Cucumbers

Pickling Cucumbers | Slicing Cucumbers | Baby/Snacking Cucumbers | Mouse Melon


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We offer both slicing cucumber seed varieties and pickling cucumber seed varieties. There are standard slicers and specialty slicers available, and our pickling cucumber seeds include gherkin cucumbers...
Pickling Cucumbers Slicer Cucumbers


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We offer both slicing cucumber seed varieties and pickling cucumber seed varieties. There are standard slicers and specialty slicers available, and our pickling cucumber seeds include gherkin cucumbers.

Growing Tips: Cucumbers are a warm weather crop, very sensitive to frost. In the Northeast, plant cucumber slicers from late May to mid-June and pickles up to mid-July. If planting earlier in cooler weather, protect plants with row covers or plastic tunnels. Pick fruit regularly for a continuous yield. Some of our varieties are gynoecious (mostly female), and have been carefully blended with enough pollinator seed to provide ample pollen for good production.

Growing Cukes on a Trellis: The vining varieties of cucumbers can easily be trained to grow up a trellis. This method not only takes up less space, it generally produces greater yields. Anchor the trellis at planting so roots will not be disturbed. Space plants 6 apart in a straight row. When about 1/3 grown, the tendrils on the vines will grasp the trellis and vines will climb without assistance. Cucumbers grow long and straight, getting better air circulation and more even sunlight. And, damage to the vines during harvesting is minimized. We recommend Burpless 26, Sweet Success, Diva and Sweet Slice for trellis growing.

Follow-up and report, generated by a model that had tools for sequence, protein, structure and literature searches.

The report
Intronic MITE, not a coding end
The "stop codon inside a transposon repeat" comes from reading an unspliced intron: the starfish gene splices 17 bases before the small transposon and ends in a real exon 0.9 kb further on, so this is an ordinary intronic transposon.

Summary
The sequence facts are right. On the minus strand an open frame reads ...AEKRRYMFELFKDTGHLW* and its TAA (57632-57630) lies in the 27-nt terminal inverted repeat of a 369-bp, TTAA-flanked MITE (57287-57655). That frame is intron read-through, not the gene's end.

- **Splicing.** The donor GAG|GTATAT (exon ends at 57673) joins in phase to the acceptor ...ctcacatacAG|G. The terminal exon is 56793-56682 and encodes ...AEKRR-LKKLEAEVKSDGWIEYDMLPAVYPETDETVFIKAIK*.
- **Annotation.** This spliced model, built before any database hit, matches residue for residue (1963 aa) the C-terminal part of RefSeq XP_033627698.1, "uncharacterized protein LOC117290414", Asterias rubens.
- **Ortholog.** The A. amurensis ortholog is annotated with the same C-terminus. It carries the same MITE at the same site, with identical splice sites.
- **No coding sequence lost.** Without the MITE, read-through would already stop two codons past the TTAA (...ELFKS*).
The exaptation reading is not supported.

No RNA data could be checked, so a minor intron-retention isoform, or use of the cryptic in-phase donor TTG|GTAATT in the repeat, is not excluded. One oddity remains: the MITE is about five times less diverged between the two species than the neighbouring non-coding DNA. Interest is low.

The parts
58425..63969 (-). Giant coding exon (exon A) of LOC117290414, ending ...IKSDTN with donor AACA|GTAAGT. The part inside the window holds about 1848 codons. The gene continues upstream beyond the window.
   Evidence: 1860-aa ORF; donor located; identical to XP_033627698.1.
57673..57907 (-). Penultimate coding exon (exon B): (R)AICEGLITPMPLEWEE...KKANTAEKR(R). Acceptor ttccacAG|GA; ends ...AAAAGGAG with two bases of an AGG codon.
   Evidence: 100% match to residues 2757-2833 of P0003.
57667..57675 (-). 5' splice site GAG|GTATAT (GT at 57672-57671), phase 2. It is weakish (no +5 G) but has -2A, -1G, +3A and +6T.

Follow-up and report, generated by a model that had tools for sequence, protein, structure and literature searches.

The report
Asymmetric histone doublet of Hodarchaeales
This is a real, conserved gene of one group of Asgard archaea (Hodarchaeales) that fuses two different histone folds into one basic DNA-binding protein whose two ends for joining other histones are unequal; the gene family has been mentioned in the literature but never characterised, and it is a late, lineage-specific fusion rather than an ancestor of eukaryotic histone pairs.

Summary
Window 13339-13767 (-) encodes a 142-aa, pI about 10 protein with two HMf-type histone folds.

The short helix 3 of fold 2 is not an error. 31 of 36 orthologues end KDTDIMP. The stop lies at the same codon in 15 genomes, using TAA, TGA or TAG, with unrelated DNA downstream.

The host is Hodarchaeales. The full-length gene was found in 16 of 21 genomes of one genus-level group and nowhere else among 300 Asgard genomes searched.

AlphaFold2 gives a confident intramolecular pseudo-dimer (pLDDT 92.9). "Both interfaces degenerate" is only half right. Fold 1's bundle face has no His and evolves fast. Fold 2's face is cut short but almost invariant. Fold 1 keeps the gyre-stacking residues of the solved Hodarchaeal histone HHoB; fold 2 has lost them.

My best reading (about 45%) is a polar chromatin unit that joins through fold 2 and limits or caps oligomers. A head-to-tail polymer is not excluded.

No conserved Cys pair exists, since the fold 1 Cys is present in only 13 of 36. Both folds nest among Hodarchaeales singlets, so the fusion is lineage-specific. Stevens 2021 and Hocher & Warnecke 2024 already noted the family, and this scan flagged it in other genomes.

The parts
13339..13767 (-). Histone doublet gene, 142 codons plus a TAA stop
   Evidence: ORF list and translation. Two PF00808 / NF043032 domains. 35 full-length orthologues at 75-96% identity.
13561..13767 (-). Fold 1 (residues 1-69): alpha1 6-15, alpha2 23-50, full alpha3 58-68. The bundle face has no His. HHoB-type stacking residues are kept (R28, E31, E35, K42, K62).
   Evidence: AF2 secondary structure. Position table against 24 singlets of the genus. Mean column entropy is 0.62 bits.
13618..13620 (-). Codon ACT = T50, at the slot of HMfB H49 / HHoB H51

Fresh Market Grower Tips:
Cucumbers are easy to grow, quick to mature, and familiar to customers, so they help to generate cash flow throughout the summer season. While straight, shiny, dark green slicing cucumbers are still a staple at farm markets, customers are expanding their tastes to include long, tender-skinned Asian cucumbers. Other customers visit farm stands seeking pickling cucumbers for home canning. When choosing which cucumber seed varieties to grow, consider the variety’s disease resistance and fruit set habit. Gynoecious cucumber seed varieties produce mainly female flowers, which brings heavy production over a short time span, while monoecious varieties bear both male and female flowers and spread their fruit set over a longer period of time. If you grow in a greenhouse or in an area with few pollinators, choose a parthenocarpic (self-pollinating) variety, which needs no insects for pollination. Wherever you grow, plant several plantings in succession to ensure a steady supply from early summer until frost.

Culture:
Cucumber plants are quite tender, and early spring plantings should be protected from frost and wind. Since they also prefer warm temperatures, Hot Kaps, row covers or the plastic tunnels can serve both purposes. All plantings benefit from plastic mulch, and supplemental water is helpful if fruits approach harvest during a dry season. Cucumbers are insect pollinated crops; yields are enhanced by adding bee hives.

Cucumber not producing fruit?
There are a few reasons cucumbers might not produce fruit. First is that the plant is too vegetative so all the energy is going into growing leaves and not flowers. This can happen if plants have too much fertilizer or not the right types. In particular, high levels of Nitrogen will encourage leaves, but Phosphorus can encourage blooming. Another reason for low fruit set is lack of pollination. If you see blooms but they don't grow into fruit or they fall of the plant, that implies they have not been pollinated. This can be caused by very high temperatures, or low pollinator activity. You can encourage wild pollinator populations, add a bee hive to your property, or pollinate by hand if you only have a few plants.

Maturity dates are from direct field seeding and should be used for variety comparison only.

Average Seed Count: 50 per packet; 1000/Oz.; 16,000/Lb. (unless otherwise noted)

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